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Consuming one proxy from another proxy

You can specify that one proxy is the target endpoint of another, effectively connecting the two proxies in a proxy chain.

You might find this useful when you have a proxy that offers some discrete low-level functionality that one or more other proxies will consume. For example, a proxy that exposes create/read/update/delete operations with a backend data store could be the target proxy for multiple other proxies that expose the data to clients.

To minimize network overhead when calling one proxy from another, you can specify that one proxy is the local target endpoint of the other. This kind of connection, called proxy chaining, gives you a local connection between two proxies. This local connection is more efficient because it bypasses network features such as load balancers, routers, and message processors. When you specify a proxy as a local target endpoint, processing flows to that proxy as it would to another kind of target.

Proxies you want to connect in this way must be in the same organization and environment. When the proxy you're connecting with is outside this scope, consider connecting to it as an external resource using the HTTPTargetConnection element (as described in API proxy configuration reference).

You connect proxies by specifying that one is a local target endpoint of the other. You can create a local connection between proxies in two ways:

  • By specifying the name of the target proxy and a ProxyEndpoint name
  • By specifying a path to the target proxy endpoint

You connect target proxies within a TargetEndpoint configuration, using a LocalTargetConnection element, as described below.

When chaining API proxies, take care to avoid "infinite loop" recursive callouts back into the same API proxy, which could result in system overload.

Connecting proxies by proxy name

You can specify the target proxy by name. You might find that this is most useful when you're creating the connection from the start and developing the proxies together. If you don't know the name (or the name might change), consider connecting with the target proxy's endpoint path, as described below.

When you connect to a target proxy by name, you specify the proxy's name and the name of its ProxyEndpoint.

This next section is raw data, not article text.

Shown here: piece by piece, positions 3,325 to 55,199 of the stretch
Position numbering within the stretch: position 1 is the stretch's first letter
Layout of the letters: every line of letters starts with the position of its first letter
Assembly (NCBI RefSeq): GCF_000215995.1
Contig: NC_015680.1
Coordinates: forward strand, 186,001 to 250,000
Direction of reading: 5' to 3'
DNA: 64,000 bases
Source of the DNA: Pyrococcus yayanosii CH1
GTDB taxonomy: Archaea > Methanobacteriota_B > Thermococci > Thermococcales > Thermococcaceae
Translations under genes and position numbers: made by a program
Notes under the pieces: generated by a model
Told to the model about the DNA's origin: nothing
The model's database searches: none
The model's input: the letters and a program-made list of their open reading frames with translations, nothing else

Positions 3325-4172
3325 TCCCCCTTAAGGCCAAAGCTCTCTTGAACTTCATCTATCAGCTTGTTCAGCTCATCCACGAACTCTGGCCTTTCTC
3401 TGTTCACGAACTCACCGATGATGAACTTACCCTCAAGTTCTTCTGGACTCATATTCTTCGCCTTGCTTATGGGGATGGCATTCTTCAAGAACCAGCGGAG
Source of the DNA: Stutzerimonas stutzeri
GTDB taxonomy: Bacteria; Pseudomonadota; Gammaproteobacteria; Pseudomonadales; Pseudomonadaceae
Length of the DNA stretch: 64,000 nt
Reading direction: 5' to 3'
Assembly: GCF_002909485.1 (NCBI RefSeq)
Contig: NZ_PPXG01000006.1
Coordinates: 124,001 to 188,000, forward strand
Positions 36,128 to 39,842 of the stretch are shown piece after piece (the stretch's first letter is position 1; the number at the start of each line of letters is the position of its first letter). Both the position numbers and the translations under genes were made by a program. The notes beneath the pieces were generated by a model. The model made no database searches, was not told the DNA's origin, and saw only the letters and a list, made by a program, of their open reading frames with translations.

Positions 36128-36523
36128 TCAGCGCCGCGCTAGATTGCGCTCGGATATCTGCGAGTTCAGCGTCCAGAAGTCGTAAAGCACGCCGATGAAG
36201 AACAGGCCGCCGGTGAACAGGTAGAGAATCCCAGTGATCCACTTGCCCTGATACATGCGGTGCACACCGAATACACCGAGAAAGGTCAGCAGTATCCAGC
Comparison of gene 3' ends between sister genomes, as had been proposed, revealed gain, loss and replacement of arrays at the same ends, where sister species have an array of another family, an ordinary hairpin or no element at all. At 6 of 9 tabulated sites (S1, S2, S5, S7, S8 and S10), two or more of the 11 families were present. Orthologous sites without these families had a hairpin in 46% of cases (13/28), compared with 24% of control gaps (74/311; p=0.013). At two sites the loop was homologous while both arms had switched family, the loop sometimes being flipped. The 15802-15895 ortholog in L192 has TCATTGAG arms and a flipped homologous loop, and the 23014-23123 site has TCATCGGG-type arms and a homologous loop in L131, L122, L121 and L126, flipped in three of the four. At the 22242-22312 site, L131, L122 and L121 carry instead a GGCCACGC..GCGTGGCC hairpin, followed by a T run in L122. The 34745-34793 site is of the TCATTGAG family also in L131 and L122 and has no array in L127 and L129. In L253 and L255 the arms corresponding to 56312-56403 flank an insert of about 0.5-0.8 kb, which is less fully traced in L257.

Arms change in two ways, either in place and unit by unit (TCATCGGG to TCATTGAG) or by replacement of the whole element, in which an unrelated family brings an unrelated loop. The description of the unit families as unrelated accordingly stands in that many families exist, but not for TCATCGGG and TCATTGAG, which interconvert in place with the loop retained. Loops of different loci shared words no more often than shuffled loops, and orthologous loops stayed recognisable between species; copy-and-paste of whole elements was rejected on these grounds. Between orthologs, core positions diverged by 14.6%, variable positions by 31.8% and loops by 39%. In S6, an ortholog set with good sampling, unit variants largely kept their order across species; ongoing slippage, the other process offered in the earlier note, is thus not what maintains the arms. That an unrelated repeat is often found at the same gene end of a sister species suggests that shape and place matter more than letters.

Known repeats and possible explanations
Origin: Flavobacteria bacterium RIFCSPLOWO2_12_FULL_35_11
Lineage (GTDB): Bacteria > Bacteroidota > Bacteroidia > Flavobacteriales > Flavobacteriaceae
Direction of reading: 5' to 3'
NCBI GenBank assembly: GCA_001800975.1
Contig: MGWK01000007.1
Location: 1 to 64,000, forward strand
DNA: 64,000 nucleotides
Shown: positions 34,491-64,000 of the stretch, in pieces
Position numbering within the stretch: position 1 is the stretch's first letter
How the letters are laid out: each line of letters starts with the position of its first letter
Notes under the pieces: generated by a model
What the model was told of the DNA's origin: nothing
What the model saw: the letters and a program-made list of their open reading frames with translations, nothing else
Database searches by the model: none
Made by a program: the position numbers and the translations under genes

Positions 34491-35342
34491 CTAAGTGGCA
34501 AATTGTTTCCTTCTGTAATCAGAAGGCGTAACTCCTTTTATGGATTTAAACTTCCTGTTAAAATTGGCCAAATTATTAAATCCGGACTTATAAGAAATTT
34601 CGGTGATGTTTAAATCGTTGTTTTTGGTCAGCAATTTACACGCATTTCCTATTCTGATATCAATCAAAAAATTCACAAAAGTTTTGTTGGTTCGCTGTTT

The following example specifies a target proxy called data-manager, along with the ProxyEndpoint name exposed by data-manager. For reference information, see API proxy configuration reference.

<TargetEndpoint name="datamanager">
    <PreFlow name="PreFlow">
        <!-- PreFlow policies -->
    </PreFlow>
    <PostFlow name="PostFlow">
        <!-- PostFlow policies -->
    </PostFlow>
    <LocalTargetConnection>
        <APIProxy>data-manager</APIProxy>
        <ProxyEndpoint>default</ProxyEndpoint>
    </LocalTargetConnection>
</TargetEndpoint>

Connecting proxies by path

You can specify the target proxy by its endpoint path. You might want to do it this way when you don't know the proxy name, or when the name might change.

If your proxy is simply the consumer of the target proxy -- such as when you're not developing both -- the path might be the most reliable way to connect. For example, if the proxy you're connecting to is developed and maintained by another team, you might want to connect using a reliable endpoint path.

The following example specifies a target proxy at /v1/streetcarts/foodcarts/data-manager, where the host is assumed to be the same as the current proxy. For reference information, see API proxy configuration reference.

<TargetEndpoint name="datamanager">
    <PreFlow name="PreFlow">
        <!-- PreFlow policies -->
    </PreFlow>
    <PostFlow name="PostFlow">
        <!-- PostFlow policies -->
    </PostFlow>
    <LocalTargetConnection>
        <Path>/v1/streetcarts/foodcarts/data-manager</Path> 
    </LocalTargetConnection>
</TargetEndpoint>

Connecting proxies with the management console

You can create proxy chaining connections using the Edge management console.

  1. Open the proxy that will be consuming the target proxy.
  2. In the Navigator, click the plus sign next to Target Endpoints.
  3. In the New Target Endpoint dialog, enter the name of the target endpoint.
  4. Beneath the Target Endpoint Name box, select one of the following:
    • Proxy Chaining to select from a list of proxies already in the organization and environment.
      1. In the Proxy Name dropdown, select the target proxy.
      2. In the Proxy Endpoint box, enter the target proxy endpoint path you want to connect to.
    • Path Chaining to enter the target proxy base path, such a /mypath/myproxy/myendpoint.
  5. Click Add.

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